Tip of the Week

Do you think your older vehicle should be getting better gas mileage? Here’s a checklist to help before you head to the mechanic.

Are you worried that your older vehicle isn’t getting the mileage it was designed to? Before you head to the dealer or your trusted local mechanic for help, there are some things you should do. We will assume that your vehicle is maintained according to the owner’s manual. Also, before we go any further, we suggest you have checked that your tire pressure is properly set and that there are no obvious signs of major problems like a cloud of blue smoke following you around town, or a sound like a can of shaken marbles when your car accelerates.

If your vehicle’s mileage is making you question if something is wrong, the first thing to do is to verify what, exactly, you are presently getting. Do that by filling up your vehicle at a pump on a flat surface, not an incline, and stop filling when the nozzle clicks. Don’t overfill. Now, reset your trip odometer. Drive the vehicle on your normal routine until it is below half a tank and then refill the same way. Record your driven miles from the trip odometer and the fuel you put in and divide miles by gallons. Then repeat this a couple of times. The MPG you record should be similar if you drove for more than half a tank on your normal schedule each time. This tells you what your mileage is.

A tool to calculate mileage

Next, go to FuelEconomy.gov and use the tool to select your specific vehicle with its specific drivetrain (AWD or not, which engine, which transmission, etc). The tool walks you through that and it will then tell you what the EPA estimates your exact vehicle should be getting for mileage based on the group’s most current data. One thing to take note of is that the mileage that was on your window sticker ten years ago may not have been the best estimate. The EPA has revised its methods for estimating fuel economy multiple times in the past couple of decades and it is now more conservative, meaning its estimates have gone down a bit for most vehicles. If you want to compare the EPA’s original estimate to what they guess your vehicle’s MPG will be now, they have a tool for that too.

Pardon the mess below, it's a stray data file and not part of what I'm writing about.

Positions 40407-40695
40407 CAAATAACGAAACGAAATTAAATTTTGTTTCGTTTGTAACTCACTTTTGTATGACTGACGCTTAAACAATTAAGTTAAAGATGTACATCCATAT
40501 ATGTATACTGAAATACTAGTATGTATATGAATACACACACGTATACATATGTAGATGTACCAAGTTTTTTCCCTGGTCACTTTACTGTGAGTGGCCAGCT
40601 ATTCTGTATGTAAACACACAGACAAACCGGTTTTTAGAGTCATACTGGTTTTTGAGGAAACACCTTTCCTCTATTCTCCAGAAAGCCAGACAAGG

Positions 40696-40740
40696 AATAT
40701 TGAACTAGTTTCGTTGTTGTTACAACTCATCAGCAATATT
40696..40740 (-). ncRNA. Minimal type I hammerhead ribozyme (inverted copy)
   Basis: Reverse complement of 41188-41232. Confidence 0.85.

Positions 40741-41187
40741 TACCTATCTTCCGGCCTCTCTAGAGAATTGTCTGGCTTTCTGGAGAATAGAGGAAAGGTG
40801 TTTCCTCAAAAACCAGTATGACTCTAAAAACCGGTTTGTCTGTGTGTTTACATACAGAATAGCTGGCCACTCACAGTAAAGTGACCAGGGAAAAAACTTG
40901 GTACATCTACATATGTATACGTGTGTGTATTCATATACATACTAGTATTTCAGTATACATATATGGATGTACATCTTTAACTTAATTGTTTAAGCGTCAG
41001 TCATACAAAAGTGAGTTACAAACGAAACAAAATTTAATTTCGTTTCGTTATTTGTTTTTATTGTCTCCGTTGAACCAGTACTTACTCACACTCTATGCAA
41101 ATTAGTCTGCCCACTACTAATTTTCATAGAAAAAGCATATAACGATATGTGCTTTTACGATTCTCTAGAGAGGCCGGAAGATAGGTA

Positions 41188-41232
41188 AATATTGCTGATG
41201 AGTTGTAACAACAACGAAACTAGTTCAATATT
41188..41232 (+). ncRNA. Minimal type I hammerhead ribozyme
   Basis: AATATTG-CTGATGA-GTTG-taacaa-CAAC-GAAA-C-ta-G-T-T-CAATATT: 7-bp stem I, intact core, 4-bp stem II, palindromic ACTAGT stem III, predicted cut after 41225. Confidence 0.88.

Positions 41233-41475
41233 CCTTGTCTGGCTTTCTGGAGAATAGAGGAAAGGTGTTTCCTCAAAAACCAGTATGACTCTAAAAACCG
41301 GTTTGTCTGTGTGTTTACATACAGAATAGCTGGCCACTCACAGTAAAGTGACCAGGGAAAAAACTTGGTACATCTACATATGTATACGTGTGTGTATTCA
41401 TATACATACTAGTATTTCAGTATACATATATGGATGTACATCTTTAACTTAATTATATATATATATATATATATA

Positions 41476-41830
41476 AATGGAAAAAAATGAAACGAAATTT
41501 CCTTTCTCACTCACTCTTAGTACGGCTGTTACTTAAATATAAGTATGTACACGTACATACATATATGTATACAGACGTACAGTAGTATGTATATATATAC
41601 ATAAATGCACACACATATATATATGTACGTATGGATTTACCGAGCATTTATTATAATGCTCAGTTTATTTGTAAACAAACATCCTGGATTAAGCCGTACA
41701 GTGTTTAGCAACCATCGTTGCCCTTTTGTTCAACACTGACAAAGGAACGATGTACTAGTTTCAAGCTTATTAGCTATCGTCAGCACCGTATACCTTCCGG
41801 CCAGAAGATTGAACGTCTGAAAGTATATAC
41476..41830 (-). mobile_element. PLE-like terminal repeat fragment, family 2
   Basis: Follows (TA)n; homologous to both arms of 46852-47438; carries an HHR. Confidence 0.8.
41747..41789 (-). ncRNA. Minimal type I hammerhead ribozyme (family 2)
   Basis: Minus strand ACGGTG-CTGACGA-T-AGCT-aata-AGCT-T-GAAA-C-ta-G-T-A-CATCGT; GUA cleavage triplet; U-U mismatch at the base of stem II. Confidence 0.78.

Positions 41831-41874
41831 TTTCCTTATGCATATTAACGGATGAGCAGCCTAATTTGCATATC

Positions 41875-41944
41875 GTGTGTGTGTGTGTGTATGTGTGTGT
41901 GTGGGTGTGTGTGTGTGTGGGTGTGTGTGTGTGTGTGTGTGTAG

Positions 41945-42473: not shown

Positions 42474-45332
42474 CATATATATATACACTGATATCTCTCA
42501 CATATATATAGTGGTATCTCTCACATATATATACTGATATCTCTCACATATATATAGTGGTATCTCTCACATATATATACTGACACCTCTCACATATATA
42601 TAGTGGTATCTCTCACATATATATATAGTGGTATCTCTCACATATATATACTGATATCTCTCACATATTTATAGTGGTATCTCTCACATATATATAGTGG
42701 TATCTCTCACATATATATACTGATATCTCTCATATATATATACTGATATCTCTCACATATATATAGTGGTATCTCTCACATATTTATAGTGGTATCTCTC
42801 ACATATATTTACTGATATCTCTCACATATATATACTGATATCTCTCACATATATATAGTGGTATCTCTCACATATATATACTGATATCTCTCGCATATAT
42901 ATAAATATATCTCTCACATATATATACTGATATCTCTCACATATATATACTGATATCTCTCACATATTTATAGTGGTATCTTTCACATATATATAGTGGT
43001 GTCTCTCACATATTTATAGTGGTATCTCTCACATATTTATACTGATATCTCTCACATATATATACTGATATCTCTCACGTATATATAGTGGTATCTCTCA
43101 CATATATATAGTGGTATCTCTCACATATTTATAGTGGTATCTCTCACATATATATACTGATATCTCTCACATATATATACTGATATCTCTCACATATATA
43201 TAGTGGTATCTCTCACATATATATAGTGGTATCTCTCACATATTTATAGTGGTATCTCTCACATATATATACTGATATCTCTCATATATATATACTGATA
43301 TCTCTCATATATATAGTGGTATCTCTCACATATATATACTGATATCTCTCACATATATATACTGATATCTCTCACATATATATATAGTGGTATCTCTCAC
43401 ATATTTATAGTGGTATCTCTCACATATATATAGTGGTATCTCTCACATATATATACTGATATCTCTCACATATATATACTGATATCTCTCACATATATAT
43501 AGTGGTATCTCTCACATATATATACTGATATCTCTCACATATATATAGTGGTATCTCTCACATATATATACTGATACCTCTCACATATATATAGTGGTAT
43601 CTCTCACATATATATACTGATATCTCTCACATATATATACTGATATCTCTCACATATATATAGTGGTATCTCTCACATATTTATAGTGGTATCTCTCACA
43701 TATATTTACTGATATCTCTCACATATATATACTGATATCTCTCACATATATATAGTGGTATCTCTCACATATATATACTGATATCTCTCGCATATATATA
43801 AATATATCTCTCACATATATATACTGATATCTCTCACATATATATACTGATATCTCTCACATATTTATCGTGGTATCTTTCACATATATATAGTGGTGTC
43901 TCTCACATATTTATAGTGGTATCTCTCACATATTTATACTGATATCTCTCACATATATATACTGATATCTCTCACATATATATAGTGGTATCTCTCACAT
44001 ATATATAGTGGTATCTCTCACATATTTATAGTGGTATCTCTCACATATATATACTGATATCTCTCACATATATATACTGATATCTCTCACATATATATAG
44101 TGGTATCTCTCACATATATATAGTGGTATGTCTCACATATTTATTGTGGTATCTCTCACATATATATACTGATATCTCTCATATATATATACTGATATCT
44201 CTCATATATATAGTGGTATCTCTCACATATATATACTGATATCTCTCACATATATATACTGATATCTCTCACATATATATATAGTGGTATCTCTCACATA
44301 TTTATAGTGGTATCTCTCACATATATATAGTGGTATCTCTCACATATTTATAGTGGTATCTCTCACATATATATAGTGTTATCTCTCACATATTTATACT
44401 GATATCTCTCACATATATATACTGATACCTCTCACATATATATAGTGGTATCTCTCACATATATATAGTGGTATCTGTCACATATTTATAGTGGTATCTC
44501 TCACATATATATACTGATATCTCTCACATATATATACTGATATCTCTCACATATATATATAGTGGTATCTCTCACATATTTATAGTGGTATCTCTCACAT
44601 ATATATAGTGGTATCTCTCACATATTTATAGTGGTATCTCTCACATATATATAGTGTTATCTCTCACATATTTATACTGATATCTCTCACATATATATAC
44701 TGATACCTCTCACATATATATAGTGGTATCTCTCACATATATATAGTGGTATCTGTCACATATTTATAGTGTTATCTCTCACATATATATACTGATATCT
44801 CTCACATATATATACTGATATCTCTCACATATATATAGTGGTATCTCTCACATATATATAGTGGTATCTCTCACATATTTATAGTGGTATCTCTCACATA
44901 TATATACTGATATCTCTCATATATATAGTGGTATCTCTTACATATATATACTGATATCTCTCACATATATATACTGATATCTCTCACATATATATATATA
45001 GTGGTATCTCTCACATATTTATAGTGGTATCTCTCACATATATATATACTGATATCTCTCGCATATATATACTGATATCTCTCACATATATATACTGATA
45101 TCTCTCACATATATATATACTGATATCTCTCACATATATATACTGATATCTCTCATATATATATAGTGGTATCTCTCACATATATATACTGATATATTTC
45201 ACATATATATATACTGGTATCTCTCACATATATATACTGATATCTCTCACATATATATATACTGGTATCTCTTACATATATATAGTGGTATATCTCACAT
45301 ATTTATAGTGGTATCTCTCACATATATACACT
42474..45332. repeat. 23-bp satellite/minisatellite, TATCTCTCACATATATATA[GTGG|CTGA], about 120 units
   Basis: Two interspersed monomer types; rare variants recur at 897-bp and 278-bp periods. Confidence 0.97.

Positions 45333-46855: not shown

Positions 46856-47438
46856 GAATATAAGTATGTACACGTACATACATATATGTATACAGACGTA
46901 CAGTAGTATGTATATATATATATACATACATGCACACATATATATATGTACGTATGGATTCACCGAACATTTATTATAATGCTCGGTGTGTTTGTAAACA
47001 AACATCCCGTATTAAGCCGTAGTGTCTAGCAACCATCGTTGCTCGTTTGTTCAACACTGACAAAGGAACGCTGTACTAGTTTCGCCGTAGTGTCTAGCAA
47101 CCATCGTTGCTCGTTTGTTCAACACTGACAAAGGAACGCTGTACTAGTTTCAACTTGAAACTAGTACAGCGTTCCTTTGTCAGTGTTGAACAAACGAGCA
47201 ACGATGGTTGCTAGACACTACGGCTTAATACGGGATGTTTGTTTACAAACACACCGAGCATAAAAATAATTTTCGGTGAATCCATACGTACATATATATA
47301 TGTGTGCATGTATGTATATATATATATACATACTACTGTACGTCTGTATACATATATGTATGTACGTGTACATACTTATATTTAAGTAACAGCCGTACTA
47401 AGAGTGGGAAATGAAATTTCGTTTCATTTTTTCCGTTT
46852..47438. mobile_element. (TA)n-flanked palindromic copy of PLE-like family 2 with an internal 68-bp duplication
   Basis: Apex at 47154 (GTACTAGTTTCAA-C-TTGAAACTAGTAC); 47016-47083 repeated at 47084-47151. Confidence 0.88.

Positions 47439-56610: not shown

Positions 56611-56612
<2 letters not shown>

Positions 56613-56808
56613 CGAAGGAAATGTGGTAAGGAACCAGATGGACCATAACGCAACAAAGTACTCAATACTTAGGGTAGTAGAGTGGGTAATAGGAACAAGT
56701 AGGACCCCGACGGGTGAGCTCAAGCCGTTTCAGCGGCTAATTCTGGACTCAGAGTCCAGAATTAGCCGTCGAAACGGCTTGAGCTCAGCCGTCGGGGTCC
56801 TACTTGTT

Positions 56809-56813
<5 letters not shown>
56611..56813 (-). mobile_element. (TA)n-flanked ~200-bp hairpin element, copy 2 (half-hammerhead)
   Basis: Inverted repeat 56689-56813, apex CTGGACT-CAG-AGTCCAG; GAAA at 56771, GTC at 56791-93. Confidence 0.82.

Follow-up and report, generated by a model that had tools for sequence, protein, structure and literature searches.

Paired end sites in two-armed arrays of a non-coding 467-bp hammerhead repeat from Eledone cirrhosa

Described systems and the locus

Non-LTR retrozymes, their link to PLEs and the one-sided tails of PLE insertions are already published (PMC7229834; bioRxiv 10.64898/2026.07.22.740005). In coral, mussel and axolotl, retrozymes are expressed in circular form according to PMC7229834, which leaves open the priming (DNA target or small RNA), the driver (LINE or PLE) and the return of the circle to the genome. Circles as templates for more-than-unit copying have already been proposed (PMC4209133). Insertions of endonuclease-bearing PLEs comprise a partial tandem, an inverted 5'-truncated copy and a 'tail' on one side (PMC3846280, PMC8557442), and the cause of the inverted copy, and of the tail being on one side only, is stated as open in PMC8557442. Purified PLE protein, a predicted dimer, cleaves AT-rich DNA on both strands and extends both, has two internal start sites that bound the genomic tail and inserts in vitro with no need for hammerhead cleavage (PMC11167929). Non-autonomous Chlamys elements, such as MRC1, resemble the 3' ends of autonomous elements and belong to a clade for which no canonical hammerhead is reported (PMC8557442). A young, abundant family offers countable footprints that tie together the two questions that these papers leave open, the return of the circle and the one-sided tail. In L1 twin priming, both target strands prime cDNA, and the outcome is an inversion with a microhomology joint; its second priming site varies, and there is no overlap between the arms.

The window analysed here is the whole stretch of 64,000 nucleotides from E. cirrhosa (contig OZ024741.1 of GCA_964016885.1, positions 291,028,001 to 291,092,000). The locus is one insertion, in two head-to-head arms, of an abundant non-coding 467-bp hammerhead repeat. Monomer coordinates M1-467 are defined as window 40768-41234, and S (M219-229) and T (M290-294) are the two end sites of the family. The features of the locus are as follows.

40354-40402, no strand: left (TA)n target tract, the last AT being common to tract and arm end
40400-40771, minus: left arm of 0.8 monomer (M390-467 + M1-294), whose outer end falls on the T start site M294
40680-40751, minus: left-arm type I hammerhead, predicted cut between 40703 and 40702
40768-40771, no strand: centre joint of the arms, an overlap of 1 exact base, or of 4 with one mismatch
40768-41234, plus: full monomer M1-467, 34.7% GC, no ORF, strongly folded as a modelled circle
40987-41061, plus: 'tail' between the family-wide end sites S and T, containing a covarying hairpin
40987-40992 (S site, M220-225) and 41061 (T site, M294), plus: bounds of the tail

The EPA will give you three numbers, city MPG, highway MPG, and combined. Don’t overthink these. Don’t try to take a 20-mile highway trip and then try to calculate your mileage. That is not how these numbers work. These are estimates and averages and they assume you drove for a couple of hundred miles before you calculated your particular mileage to compare. If you are in the city and drive almost exclusively in the city and suburbs, then the low-end city mileage is the best number for you to compare to. If you primarily drive on a highway without heavy traffic, then the highway mileage estimate may be a good predictor for you. For most of us, the combined mileage estimate works best and it is always in the middle of the other two estimates EPA publishes.

Temperature affects mileage